Wednesday, February 09, 2011

Acts 10:1-16

1 At Caesarea there was a man named Cornelius, a centurion in what was known as the Italian Regiment. 2 He and all his family were devout and God-fearing; he gave generously to those in need and prayed to God regularly. 3 One day at about three in the afternoon he had a vision. He distinctly saw an angel of God, who came to him and said, “Cornelius!”
4 Cornelius stared at him in fear. “What is it, Lord?” he asked.

The angel answered, “Your prayers and gifts to the poor have come up as a memorial offering before God. 5 Now send men to Joppa to bring back a man named Simon who is called Peter. 6 He is staying with Simon the tanner, whose house is by the sea.”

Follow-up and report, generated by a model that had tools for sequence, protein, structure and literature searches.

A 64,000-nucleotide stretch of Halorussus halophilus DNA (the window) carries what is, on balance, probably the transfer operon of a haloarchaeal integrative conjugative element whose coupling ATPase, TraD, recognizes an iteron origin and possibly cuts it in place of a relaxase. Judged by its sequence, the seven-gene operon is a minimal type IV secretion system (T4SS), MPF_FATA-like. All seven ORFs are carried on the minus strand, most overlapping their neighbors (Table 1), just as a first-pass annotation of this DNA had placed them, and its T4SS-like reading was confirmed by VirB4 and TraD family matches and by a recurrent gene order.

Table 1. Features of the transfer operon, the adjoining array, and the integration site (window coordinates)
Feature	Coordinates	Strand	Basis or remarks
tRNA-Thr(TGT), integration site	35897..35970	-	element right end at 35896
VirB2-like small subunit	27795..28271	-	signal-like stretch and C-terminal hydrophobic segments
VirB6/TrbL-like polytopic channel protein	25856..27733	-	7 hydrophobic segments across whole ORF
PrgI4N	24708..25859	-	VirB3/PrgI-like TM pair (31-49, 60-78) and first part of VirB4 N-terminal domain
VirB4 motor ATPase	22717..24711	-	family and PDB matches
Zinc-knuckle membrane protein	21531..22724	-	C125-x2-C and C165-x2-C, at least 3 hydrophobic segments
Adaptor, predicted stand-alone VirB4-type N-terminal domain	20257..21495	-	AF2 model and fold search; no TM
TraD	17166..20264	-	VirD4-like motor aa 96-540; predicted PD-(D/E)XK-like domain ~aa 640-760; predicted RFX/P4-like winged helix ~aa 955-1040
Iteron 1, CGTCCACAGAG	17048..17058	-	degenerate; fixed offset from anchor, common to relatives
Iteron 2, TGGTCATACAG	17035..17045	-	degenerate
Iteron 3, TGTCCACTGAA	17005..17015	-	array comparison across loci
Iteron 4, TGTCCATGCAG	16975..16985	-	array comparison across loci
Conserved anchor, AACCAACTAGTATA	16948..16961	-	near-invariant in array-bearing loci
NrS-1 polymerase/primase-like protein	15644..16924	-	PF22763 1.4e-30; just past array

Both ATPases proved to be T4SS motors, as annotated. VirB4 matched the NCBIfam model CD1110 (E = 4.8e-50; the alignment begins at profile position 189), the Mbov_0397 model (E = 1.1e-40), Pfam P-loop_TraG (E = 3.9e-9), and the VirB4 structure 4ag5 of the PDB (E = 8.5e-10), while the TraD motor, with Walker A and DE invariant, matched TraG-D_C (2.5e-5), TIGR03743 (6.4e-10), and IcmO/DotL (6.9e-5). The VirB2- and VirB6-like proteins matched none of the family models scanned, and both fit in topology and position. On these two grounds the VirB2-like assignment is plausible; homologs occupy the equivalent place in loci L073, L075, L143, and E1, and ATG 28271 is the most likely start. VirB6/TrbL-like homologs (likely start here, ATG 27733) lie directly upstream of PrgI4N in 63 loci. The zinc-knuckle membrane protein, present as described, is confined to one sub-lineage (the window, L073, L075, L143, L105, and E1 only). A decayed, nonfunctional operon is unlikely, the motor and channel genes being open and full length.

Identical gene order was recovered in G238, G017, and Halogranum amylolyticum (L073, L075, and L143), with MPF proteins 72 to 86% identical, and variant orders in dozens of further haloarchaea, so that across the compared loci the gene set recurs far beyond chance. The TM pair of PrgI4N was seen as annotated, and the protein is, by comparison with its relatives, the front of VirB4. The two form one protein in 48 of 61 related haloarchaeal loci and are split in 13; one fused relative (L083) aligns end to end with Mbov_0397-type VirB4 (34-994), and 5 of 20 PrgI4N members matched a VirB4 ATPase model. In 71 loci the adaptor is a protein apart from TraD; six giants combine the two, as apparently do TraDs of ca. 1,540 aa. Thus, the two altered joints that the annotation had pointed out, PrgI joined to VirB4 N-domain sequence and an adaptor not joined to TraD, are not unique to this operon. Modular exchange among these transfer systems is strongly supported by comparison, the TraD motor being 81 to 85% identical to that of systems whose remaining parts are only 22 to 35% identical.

7 When the angel who spoke to him had gone, Cornelius called two of his servants and a devout soldier who was one of his attendants. 8 He told them everything that had happened and sent them to Joppa.

Peter’s Vision
9 About noon the following day as they were on their journey and approaching the city, Peter went up on the roof to pray. 10 He became hungry and wanted something to eat, and while the meal was being prepared, he fell into a trance. 11 He saw heaven opened and something like a large sheet being let down to earth by its four corners. 12 It contained all kinds of four-footed animals, as well as reptiles and birds. 13 Then a voice told him, “Get up, Peter. Kill and eat.”
14 “Surely not, Lord!” Peter replied. “I have never eaten anything impure or unclean.”

15 The voice spoke to him a second time, “Do not call anything impure that God has made clean.”

16 This happened three times, and immediately the sheet was taken back to heaven.

Dig Deeper